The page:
a1 Bowdoin College
It has long been recognized that journalistic discourse about the string quartet in early nineteenth-century sources stressed its elevation and seriousness in comparison to other genres, and that the string quartets of Haydn, Mozart and Beethoven were described as ‘classical’ very early in the century. Less well known is that the idea of performance is embedded in this discourse – particularly around the question of the group dynamics of ensemble performance. The tendency to blur the roles of the parts and the roles of the players are evidence of this, as is the discussion of the relation between first-violin-centricity and the ideal of free and equal contribution by all four parts/players in ‘true’ or ‘classical’ works. This ideal, I argue, is distinct from the longstanding metaphor of ‘conversation’ to describe the relations of the parts. The first part of this article explores these broad topics. The second part of the article focuses on a single measure in the slow movement of Beethoven's op. 59 no. 2 and argues that in various ways it raises and thus exemplifies the issues of the distribution of power, of musical initiative or the ‘genius of performance’, and ultimately of differing subjectivities in the early nineteenth-century notion of the quartet.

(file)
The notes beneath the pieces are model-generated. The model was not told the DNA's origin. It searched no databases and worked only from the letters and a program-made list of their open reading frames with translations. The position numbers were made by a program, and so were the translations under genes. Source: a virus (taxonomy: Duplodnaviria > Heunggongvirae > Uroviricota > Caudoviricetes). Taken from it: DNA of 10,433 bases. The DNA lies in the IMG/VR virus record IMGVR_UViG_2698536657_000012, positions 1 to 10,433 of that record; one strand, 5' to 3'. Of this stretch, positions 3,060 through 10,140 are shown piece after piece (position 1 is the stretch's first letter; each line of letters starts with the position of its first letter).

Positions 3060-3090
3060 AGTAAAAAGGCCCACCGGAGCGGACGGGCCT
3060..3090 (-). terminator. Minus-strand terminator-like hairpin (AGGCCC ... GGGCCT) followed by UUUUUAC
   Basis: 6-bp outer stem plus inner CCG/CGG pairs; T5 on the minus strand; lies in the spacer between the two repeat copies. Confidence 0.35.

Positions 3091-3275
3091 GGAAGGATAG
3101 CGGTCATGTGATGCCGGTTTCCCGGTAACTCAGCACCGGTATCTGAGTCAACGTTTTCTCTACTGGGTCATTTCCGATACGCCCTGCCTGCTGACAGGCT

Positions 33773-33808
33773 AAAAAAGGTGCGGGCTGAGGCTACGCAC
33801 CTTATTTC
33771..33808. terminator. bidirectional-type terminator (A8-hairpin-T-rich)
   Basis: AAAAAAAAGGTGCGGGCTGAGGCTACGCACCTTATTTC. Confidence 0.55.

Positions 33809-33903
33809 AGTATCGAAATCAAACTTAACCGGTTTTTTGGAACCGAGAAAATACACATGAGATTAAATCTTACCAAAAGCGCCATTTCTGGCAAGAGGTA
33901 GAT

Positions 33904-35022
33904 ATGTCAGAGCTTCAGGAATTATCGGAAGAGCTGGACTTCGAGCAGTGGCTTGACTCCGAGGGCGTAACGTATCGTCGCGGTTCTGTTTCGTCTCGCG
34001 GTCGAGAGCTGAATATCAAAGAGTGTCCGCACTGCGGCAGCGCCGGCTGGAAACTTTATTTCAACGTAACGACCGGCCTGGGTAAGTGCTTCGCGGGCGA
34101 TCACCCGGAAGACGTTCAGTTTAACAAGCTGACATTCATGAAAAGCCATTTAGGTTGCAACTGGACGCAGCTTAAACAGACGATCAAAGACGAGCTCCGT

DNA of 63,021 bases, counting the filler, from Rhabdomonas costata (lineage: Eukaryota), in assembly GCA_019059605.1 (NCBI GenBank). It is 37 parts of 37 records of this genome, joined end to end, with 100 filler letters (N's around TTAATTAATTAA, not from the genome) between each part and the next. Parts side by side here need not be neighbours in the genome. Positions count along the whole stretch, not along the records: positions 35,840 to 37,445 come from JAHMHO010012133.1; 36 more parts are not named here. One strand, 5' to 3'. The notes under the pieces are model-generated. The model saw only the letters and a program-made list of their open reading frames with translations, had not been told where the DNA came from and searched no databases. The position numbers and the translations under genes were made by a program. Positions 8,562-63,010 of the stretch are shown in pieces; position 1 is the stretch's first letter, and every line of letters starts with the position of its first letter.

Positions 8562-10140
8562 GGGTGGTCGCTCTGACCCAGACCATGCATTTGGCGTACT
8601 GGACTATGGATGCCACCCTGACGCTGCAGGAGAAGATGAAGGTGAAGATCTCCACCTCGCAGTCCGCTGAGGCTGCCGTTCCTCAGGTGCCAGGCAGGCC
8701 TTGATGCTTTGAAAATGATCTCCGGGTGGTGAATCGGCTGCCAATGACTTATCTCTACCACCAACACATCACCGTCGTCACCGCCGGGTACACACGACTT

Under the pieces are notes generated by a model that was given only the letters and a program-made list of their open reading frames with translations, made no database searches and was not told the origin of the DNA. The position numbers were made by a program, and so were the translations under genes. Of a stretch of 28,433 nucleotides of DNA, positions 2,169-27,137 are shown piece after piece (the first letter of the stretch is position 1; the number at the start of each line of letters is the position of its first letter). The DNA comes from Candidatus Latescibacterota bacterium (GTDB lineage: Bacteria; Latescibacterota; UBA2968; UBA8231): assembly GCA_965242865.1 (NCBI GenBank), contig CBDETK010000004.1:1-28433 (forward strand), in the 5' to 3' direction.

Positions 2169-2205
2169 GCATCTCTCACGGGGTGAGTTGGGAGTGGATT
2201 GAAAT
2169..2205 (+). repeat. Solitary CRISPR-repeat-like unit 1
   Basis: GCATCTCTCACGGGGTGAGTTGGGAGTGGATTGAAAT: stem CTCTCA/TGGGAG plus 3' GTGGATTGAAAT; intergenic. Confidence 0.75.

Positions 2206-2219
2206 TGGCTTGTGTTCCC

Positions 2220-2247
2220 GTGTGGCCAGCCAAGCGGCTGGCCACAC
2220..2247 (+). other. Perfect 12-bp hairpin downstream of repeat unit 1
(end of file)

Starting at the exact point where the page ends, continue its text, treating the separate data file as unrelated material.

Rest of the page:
Mary Hunter is A. Leroy Greason Professor of Music at Bowdoin College. She is the author of The Culture of Opera Buffa in Mozart's Vienna, (Princeton University Press, 1999), and Mozart's Operas: A Companion (Yale University Press, 2008). She has written articles on eighteenth-century opera, Mozart, the chamber music of Haydn, and the idea of the performer in Romantic aesthetics in essay collections and in such journals as Cambridge Opera Journal and the Journal of the American Musicological Society. She is currently engaged in a project on the ideology of performance in the culture of classical music.
1 Wiener allgemeine musikalische Zeitung, mit besonderer Rücksicht auf den österreichischen Kaiserstaat (AMÖ) 8/12 (27 Mar. 1824): 45.